Tuesday, December 12, 2000
SAYS CORE PLUS PROGRAM WILL BE ABANDONED
By Nikki Merfeld
The Post-Bulletin (Rochester)
AUSTIN -- Austin High School has decided to abandon its Core Plus math program.
The Austin School Board on Monday approved a plan to eliminate the Core Plus curriculum for the second semester and begin immediately preparing students for the change.
The plan is required, said math teachers, because many students are failing or advancing with little understanding of the concepts.
The changes will affect 16 classes of about 28 students each, or about 450 students, said math teacher Wayne Olson, who presented the new plan to the board. That includes about one-third of the school's 1,200 students.
Students now are in one of two "Math Paths," said Olson. They are either in the Core Plus or the college track programs. The new plan has three paths: a four-year college track, a technical- college track, and a remedial track.
The four-year-college path will not change. The second path will be for students preparing for technical college and will teach many of the same topics as taught in the accelerated classes while allowing more time to learn them, Olson said.
The third path will be for students who have not passed their basic skills tests.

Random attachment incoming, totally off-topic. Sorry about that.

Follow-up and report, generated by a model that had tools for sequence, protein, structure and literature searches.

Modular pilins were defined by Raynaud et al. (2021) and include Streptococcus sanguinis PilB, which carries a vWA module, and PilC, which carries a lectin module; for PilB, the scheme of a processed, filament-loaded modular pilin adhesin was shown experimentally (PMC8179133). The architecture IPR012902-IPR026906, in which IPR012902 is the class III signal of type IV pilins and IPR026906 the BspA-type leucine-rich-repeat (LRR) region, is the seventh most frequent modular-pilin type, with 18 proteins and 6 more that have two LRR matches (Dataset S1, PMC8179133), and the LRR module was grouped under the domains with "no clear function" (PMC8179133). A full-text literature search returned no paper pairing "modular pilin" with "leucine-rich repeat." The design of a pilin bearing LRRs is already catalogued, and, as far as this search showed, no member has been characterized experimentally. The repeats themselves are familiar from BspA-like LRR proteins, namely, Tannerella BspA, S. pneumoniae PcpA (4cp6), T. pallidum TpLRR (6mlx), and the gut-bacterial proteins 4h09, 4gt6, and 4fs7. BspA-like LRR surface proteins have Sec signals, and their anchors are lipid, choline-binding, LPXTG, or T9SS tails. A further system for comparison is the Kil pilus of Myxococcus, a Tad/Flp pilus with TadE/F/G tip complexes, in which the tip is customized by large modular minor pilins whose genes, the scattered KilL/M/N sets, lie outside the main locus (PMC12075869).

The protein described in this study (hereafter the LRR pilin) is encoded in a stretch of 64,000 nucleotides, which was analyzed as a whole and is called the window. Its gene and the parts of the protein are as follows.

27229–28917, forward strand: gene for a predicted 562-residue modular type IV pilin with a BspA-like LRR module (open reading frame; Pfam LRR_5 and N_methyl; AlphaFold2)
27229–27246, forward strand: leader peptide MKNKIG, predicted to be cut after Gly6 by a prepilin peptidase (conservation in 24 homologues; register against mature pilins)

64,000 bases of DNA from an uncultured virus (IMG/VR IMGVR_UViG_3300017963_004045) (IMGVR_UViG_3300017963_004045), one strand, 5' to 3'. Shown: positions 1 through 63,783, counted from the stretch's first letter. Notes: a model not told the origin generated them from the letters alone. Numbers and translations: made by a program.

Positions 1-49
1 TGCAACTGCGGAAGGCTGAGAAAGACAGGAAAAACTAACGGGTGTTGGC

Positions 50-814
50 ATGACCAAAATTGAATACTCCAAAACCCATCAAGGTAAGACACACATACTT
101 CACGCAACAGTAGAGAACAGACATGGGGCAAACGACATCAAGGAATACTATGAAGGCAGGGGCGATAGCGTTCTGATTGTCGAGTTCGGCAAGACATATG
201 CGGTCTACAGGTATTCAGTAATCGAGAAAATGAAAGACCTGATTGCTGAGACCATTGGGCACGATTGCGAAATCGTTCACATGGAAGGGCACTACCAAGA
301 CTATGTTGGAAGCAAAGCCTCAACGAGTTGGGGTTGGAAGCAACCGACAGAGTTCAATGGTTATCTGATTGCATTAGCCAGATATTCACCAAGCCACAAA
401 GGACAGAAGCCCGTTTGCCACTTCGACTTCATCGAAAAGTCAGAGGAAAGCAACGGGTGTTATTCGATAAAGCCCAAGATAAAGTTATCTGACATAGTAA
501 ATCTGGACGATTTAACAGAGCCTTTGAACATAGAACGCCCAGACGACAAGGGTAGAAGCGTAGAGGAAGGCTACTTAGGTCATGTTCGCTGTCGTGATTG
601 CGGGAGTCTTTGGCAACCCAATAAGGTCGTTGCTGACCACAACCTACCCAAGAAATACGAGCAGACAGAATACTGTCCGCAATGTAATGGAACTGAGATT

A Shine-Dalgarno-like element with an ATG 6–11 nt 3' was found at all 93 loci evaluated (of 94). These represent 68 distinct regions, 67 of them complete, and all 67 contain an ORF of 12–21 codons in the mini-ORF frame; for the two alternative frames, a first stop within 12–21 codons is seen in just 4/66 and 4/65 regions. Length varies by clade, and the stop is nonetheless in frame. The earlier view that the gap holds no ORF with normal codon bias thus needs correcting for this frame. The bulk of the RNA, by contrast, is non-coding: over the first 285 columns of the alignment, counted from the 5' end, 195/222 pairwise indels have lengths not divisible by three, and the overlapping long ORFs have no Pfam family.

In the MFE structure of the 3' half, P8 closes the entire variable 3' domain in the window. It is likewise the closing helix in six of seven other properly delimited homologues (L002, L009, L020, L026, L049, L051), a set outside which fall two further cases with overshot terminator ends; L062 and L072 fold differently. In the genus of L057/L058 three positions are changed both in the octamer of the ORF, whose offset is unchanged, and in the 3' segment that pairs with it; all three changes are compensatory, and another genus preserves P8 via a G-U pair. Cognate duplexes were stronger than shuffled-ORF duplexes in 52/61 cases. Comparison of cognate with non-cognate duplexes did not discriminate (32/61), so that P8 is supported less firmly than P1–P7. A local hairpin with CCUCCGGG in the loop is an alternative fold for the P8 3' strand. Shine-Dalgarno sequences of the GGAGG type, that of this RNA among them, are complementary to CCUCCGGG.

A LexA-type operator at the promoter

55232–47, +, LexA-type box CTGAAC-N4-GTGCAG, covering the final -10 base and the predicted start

Overlap between the paths will allow students to progress from one path to another, Olson said. The plan would also expose every student to algebra.
"This would give our students, every student, the opportunity to take an algebra course, which we believe is recommended by the state," said Olson.
While course descriptions will be rewritten, Olson said, the plan reverts to courses the school had four years ago.
"It's a tried-and-true plan. It worked in the past. This was sort of a radical departure" from that plan, said Olson.
This is the third year the district has used the Core Plus curriculum.
Olson said he wasn't sure how many students are failing, but said, "We gave our students a diagnostic test and they were doing awful."
He said Core Plus is a backward approach to teaching math.
"You really need the skills before you attack a problem and they're trying to have students without the skills attack the problem and then learn the skills," said Olson.
Implementing the change will cost the district $12,000 in materials, said Olson.